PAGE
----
Sunday, June 05, 2011

Tejanos and the Elusive Goal of Whiteness, Part III

Like Mexicans, Anglo-Americans were also divided by class, race, region and gender, but by the 1830s a powerful racial myth of an Anglo-Saxon past had developed that would reconcile the principals of liberty enshrined in the Declaration of Independence with the institution of slavery and justify a war of aggression against Mexico.

Anglos in the United States divided over the Texas Revolution, the annexation of Texas, and then the Mexican-American War due to the effects this U.S. expansion into the Southwest borderland would have on the extension of slavery. But almost all Anglo elites, North and South, abolitionist and pro-slavery, agreed on the basic premise of Anglo superiority and the inferiority of Africans, Indians and Mexicans.

Reginald Horseman, in his powerful "Race and Manifest Destiny: The Origins of American Anglo-Saxonism," traces how white elites in America constructed a unifying racial myth that would eventually encompass racialized immigrants such as German- and Irish-Americans. A spurious scholarship developed that claimed the Anglo-Saxons, from their days in the German forests to their conquest of England, as the inventors and evangelists of democracy.

The Anglo-Saxons, this myth claimed, had their origin among the Aryan people of India and had brought civilization wherever they migrated. Their life as so-called “barbarians” in the German forests, these scholars claimed, had in fact been a beau ideal of democracy based on manhood suffrage. These Anglo-Saxons of myth elected their chiefs and developed a sophisticated system of justice. They brought these institutions to England after the fall of the Roman Empire and created a free land. This was destroyed, the Anglo-Saxon school would claim, with the Norman invasion of 1066. These Gallic Catholic invaders imposed absolute monarchy and corrupted the world’s first truly democratic society. This justified the Puritan Revolt of the seventeenth century, a process of purification consummated with the American Revolution. By conquest, the Anglo-Saxons could bring the blessings of liberty to the rest of the world.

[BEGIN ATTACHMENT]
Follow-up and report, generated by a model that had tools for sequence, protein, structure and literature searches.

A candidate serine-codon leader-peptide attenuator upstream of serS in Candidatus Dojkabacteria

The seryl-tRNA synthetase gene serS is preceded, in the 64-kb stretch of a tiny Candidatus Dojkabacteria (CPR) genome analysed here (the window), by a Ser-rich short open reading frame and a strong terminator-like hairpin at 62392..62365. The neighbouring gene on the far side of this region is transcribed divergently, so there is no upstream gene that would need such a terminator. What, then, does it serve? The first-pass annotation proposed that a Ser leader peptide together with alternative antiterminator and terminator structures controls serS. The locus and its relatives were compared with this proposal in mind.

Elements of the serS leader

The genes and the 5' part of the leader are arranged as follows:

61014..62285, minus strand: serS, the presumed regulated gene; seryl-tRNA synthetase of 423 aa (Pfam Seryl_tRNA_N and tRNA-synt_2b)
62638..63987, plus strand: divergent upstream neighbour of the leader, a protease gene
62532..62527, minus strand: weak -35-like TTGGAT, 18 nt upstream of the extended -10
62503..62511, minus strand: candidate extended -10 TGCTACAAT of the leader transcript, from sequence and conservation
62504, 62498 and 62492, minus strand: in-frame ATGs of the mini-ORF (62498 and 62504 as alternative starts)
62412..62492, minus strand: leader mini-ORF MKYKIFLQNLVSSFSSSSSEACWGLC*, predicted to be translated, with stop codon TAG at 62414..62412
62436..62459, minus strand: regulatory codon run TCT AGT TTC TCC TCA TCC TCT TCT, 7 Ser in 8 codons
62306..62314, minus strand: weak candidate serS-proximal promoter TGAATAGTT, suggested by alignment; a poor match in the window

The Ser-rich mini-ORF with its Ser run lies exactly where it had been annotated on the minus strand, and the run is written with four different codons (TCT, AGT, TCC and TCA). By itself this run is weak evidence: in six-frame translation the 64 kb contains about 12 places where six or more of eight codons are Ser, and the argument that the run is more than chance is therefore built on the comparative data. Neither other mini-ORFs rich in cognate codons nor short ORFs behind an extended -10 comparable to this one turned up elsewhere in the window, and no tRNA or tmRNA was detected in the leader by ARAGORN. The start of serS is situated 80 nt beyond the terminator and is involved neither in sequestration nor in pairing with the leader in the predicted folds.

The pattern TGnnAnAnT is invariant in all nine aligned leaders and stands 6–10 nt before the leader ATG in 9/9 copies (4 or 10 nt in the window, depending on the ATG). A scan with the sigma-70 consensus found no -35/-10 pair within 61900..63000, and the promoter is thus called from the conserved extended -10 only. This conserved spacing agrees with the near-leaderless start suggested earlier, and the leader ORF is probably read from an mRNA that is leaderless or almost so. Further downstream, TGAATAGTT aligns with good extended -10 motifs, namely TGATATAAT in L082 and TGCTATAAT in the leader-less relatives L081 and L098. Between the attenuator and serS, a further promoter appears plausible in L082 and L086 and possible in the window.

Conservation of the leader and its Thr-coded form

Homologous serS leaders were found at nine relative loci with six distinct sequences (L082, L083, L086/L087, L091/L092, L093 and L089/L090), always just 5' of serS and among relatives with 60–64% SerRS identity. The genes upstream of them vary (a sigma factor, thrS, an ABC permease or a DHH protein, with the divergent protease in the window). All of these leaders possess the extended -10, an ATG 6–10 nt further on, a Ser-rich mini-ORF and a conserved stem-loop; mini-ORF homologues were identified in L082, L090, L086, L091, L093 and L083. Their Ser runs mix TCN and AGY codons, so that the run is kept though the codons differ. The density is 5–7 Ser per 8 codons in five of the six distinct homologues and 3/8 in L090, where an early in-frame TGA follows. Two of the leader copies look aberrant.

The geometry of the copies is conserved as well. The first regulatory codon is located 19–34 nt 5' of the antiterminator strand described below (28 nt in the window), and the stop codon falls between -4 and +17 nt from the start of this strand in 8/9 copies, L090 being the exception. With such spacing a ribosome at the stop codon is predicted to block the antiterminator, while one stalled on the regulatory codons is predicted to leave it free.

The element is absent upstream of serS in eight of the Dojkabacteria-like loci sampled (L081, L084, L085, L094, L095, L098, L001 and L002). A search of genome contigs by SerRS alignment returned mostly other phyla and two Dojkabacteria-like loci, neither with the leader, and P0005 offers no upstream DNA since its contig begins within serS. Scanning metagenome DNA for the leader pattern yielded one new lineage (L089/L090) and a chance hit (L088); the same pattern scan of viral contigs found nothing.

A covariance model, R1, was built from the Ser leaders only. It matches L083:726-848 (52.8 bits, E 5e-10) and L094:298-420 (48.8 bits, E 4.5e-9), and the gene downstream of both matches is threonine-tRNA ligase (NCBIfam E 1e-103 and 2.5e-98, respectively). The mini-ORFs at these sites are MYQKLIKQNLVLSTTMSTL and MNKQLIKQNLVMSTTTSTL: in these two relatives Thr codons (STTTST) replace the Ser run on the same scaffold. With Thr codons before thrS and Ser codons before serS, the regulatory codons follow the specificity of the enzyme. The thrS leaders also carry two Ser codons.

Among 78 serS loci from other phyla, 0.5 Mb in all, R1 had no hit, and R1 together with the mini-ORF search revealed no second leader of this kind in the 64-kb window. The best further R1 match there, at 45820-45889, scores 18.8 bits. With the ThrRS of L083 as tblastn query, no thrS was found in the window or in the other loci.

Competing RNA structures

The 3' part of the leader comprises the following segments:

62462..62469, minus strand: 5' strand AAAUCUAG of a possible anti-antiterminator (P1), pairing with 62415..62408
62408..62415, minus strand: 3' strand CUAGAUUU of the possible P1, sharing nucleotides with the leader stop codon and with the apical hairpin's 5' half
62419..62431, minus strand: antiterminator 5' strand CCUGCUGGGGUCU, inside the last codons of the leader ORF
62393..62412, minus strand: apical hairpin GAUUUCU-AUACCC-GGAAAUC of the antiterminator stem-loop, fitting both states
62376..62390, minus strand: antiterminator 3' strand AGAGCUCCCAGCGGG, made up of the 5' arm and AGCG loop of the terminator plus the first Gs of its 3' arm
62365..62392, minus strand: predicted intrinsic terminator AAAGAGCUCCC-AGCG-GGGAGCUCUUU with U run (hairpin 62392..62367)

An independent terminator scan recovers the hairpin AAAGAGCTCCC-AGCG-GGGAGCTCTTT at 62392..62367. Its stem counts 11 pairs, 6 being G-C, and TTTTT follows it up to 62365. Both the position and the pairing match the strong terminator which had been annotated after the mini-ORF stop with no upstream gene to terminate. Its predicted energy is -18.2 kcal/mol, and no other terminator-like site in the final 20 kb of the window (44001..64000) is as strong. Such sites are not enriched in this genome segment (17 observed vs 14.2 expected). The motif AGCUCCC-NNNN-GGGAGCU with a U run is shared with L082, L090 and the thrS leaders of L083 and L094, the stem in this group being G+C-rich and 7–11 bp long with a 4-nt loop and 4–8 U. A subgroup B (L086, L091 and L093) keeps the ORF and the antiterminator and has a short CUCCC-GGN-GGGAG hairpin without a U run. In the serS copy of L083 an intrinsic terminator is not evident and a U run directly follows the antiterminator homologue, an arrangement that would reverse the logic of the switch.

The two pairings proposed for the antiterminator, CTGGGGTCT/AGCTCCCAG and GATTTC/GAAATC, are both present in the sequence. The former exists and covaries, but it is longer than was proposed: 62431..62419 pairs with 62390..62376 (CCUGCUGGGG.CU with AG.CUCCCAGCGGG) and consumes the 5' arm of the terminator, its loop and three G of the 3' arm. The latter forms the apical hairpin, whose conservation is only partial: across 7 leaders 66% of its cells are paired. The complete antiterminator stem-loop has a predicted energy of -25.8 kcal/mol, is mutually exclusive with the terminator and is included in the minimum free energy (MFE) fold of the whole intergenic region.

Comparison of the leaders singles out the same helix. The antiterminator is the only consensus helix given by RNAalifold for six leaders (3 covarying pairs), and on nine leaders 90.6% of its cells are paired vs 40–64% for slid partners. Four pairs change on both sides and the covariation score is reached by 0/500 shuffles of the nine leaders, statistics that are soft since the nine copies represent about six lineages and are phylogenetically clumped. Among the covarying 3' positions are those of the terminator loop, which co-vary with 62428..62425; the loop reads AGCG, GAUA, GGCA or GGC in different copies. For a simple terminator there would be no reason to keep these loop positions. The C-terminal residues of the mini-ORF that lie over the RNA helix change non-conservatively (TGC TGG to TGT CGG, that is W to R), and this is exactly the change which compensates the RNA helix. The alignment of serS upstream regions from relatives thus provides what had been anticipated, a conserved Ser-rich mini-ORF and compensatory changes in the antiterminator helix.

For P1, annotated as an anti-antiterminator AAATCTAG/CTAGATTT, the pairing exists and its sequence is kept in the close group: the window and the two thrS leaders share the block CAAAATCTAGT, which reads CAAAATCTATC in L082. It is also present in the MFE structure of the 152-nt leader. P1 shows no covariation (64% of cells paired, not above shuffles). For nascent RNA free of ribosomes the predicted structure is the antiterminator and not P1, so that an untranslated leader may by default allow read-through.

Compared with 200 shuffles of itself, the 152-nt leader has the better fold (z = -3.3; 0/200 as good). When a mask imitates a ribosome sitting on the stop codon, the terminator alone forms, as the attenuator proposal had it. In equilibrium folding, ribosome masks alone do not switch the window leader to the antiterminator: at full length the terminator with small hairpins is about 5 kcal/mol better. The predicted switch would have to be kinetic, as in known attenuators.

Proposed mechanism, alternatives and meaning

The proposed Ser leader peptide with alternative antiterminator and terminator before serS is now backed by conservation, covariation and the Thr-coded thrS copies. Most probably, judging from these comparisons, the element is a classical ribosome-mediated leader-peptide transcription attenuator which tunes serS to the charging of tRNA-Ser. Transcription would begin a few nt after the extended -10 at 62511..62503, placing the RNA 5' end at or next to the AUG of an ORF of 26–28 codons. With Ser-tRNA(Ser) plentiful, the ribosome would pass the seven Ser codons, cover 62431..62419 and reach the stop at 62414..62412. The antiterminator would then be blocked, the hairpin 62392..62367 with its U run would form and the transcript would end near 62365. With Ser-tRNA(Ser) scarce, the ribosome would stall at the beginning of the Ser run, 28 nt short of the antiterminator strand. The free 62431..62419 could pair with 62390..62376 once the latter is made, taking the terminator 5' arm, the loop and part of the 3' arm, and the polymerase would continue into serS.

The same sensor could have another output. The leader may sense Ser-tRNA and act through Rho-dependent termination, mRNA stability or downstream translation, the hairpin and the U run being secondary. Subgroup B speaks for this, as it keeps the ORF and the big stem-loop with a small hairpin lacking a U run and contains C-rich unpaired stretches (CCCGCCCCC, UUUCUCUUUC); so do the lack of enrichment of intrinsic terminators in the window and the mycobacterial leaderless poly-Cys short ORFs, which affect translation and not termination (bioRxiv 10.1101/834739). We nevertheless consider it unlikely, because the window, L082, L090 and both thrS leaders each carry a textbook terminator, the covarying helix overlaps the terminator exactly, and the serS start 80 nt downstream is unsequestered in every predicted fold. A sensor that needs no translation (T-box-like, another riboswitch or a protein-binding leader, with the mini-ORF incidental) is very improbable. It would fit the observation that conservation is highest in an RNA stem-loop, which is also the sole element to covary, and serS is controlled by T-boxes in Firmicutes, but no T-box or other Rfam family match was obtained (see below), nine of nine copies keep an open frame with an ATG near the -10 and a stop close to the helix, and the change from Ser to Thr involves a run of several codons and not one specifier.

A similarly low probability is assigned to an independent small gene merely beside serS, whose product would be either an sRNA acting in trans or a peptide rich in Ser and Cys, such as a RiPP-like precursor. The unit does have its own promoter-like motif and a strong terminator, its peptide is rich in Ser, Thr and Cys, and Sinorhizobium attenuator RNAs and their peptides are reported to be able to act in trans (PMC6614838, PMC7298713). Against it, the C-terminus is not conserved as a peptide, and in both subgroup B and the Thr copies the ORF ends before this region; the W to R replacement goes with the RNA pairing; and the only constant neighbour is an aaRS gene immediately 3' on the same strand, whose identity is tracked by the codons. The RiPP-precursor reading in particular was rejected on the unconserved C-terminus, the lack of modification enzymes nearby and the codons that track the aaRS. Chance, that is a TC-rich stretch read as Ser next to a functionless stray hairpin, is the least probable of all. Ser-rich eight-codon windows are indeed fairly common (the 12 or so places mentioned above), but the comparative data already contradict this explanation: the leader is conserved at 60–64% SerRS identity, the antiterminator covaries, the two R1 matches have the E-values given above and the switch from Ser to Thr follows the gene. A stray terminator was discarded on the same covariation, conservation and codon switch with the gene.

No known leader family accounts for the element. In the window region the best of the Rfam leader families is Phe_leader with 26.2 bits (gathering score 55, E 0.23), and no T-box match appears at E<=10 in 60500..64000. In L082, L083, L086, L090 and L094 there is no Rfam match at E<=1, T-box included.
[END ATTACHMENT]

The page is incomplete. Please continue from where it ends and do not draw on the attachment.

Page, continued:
In this ideology, democracy was a racial trait. The Anglo-Saxon was the culmination of history, these scholars would argue. From the beginning of time, civilization had moved from East to West, beginning with the Egyptians, then the Greeks, then the Romans, the British, and finally the United States of America, which, by logic was destined to take the Western half of North America from backwards Indians and inferior Mexicans. Once the conquest of the West was complete, civilization was fated to close the circle with an Anglo Saxon invasion of the Asian Pacific. Such was the Manifest Destiny of “Anglo Saxon” Americans.

The ideology of Anglo-Saxonism provided an ideological excuse for the attack on Mexico, and also drove the American decision as to where to draw the new United States-Mexico border. The Anglos absorbed the thinly-populated northern provinces but left those areas with a large mestizo population to Mexico. Large numbers of dark-skinned Mexicans were unsuitable for the “white republic.”